On May 18, 2011 the Commonwealth Transportation Board (CTB) established a new Corridor of Statewide Significance (CoSS) in Northern Virginia. The Northern Virginia North-South Corridor is intended to be an integrated, multimodal transportation network that connects major centers of activity within and through the Commonwealth and promotes the movement of people and goods essential to the economic prosperity of the state.
The Corridor is defined as the area generally east and west of:
The North-South Corridor is one of 12 corridors that have been defined throughout the Commonwealth of Virginia. The Office of Intermodal Planning and Investment, housed within the Office of the Secretary of Transportation, is the study sponsor. More information on the network of Corridors of Statewide Significance can be found at www.vtrans.org.
On December 18 and 19, 2012, as well as on January 9, 2013, the North-South Corridor study team shared evaluation results of the transportation alternatives and preliminary recommendations. The alternatives will address access to major activity areas, transit service and non-motorized modes of travel, environmental considerations, and transportation funding and investments within the corridor.
Learn more about these alternatives by reviewing the meeting boards from both sets of meetings below. The second set of informational boards expands on initial model results, summarizes public comments received as of January 2nd, and provides recommendations for a refined third alternative.
There are ongoing project studies within the North-South Corridor all which support the vision and goals of the North-South CMP. These studies include:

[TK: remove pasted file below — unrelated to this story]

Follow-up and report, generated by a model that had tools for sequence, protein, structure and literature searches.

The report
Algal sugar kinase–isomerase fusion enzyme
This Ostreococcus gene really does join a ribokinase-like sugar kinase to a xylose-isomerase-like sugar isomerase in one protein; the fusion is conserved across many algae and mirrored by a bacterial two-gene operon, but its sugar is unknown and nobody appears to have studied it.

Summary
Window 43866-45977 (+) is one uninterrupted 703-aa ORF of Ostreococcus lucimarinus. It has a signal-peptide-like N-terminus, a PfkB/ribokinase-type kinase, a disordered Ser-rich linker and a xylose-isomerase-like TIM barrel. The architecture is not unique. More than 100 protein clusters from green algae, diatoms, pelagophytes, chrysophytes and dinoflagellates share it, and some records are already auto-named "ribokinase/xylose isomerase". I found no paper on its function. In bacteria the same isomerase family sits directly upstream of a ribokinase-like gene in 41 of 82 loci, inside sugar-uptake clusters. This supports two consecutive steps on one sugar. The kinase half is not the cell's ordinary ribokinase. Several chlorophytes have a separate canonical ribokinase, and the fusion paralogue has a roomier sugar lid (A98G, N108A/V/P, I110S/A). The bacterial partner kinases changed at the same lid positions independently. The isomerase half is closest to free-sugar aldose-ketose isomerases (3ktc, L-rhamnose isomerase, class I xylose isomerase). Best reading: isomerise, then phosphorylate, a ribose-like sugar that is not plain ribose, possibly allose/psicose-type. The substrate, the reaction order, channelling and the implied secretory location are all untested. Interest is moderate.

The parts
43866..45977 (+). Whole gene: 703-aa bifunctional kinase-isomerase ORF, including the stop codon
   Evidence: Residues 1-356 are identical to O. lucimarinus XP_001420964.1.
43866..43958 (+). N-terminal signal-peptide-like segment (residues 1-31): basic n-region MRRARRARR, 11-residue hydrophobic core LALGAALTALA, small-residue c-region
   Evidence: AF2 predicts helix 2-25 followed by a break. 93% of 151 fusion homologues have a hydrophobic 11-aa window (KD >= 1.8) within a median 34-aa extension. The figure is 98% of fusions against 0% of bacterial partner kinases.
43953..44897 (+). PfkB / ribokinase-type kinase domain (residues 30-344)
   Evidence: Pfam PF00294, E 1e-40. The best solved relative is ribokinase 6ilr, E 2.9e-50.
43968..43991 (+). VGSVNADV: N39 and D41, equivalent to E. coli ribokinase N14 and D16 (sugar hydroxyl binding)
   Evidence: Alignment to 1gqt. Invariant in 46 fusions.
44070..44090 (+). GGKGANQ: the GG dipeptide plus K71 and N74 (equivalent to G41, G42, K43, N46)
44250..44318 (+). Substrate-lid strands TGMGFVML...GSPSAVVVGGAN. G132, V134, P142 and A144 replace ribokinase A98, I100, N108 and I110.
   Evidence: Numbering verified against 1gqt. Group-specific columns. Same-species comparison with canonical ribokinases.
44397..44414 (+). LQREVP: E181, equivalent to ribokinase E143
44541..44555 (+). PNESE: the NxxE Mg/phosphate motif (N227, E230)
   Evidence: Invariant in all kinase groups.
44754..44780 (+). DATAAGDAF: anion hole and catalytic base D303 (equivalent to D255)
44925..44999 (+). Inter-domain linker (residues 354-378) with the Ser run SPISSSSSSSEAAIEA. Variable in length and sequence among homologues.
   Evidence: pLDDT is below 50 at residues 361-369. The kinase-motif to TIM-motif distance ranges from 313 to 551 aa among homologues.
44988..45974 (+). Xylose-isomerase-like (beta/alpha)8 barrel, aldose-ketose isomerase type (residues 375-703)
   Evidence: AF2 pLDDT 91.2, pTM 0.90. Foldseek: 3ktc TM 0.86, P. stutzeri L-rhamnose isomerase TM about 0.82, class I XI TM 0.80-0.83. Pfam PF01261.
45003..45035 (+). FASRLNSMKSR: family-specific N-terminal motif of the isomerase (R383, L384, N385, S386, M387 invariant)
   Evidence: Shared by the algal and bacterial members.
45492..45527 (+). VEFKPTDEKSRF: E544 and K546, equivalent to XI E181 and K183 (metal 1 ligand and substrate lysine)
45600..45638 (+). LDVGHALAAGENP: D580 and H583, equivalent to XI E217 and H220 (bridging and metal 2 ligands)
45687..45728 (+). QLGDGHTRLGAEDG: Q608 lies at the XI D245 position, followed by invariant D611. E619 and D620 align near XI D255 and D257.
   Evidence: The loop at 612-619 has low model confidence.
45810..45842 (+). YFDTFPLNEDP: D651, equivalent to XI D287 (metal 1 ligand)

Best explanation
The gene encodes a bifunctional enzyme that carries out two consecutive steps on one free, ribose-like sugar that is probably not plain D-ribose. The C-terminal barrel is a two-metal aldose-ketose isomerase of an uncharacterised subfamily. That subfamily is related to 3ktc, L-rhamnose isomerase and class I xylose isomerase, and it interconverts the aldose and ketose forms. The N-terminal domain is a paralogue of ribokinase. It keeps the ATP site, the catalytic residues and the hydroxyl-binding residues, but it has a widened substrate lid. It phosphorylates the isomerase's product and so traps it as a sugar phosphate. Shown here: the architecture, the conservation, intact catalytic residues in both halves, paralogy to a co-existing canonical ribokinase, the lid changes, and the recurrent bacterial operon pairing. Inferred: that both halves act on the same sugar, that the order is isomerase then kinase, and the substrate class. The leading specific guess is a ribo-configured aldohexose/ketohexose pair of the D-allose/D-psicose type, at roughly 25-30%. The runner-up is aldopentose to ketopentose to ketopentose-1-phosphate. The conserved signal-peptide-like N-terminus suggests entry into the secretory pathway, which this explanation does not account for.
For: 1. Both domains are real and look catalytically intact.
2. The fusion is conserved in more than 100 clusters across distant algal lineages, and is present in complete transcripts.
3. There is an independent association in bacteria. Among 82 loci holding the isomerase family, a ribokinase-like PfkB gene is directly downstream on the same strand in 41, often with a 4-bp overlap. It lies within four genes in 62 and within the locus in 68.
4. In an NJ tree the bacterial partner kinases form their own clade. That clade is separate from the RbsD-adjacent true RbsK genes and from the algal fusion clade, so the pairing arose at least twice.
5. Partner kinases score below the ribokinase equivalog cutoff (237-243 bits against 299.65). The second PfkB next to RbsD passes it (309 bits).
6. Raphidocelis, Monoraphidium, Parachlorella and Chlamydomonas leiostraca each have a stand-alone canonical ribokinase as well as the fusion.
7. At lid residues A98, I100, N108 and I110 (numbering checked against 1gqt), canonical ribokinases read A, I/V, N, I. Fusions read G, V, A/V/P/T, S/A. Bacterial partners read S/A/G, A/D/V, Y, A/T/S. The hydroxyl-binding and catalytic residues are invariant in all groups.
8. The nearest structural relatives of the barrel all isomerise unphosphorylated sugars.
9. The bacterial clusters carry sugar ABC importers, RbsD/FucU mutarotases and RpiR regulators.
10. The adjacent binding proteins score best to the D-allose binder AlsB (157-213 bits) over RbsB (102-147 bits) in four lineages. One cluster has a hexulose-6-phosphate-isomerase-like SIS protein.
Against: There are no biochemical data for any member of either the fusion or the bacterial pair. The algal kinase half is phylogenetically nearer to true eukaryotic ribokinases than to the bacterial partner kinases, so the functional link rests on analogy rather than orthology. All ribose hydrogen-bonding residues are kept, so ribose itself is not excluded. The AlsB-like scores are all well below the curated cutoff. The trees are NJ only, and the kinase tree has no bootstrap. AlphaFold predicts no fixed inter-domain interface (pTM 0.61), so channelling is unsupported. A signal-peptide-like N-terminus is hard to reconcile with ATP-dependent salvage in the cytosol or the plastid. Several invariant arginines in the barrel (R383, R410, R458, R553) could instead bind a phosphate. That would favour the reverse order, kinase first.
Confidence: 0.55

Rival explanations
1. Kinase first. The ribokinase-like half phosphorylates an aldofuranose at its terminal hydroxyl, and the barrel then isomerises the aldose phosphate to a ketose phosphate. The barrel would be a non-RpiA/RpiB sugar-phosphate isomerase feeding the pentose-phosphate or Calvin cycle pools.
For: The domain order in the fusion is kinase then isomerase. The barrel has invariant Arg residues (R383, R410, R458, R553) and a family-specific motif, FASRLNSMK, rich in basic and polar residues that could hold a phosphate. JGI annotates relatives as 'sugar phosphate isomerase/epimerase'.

In November 2005, the Commonwealth Transportation Board (CTB) approved the location for a new 10.4-mile north-south transportation link that would connect Manassas with the Dulles corridor. The Bi-County Parkway would become the middle part of the proposed North-South Corridor.
The location of the Bi-County Parkway would be north of Interstate 66 in Prince William County, from the I-66 and Route 234 interchange, to Route 50 in Loudoun County.
The next step in the Bi-County Parkway study process is the completion of the final environmental impact statement (FEIS), which documents the action of the CTB, responds to comments received on the DEIS and addresses measures to mitigate impacts.
The FEIS is followed by a record of decision by the Federal Highway Administration. The FEIS is approved by the Federal Highway Administration and is expected to be completed in summer 2013.
Bi-County Parkway Resources:
View related project pages to learn more about improving access to the Western side of Dulles Airport, and the proposed Manassas National Battlefield Park Bypass.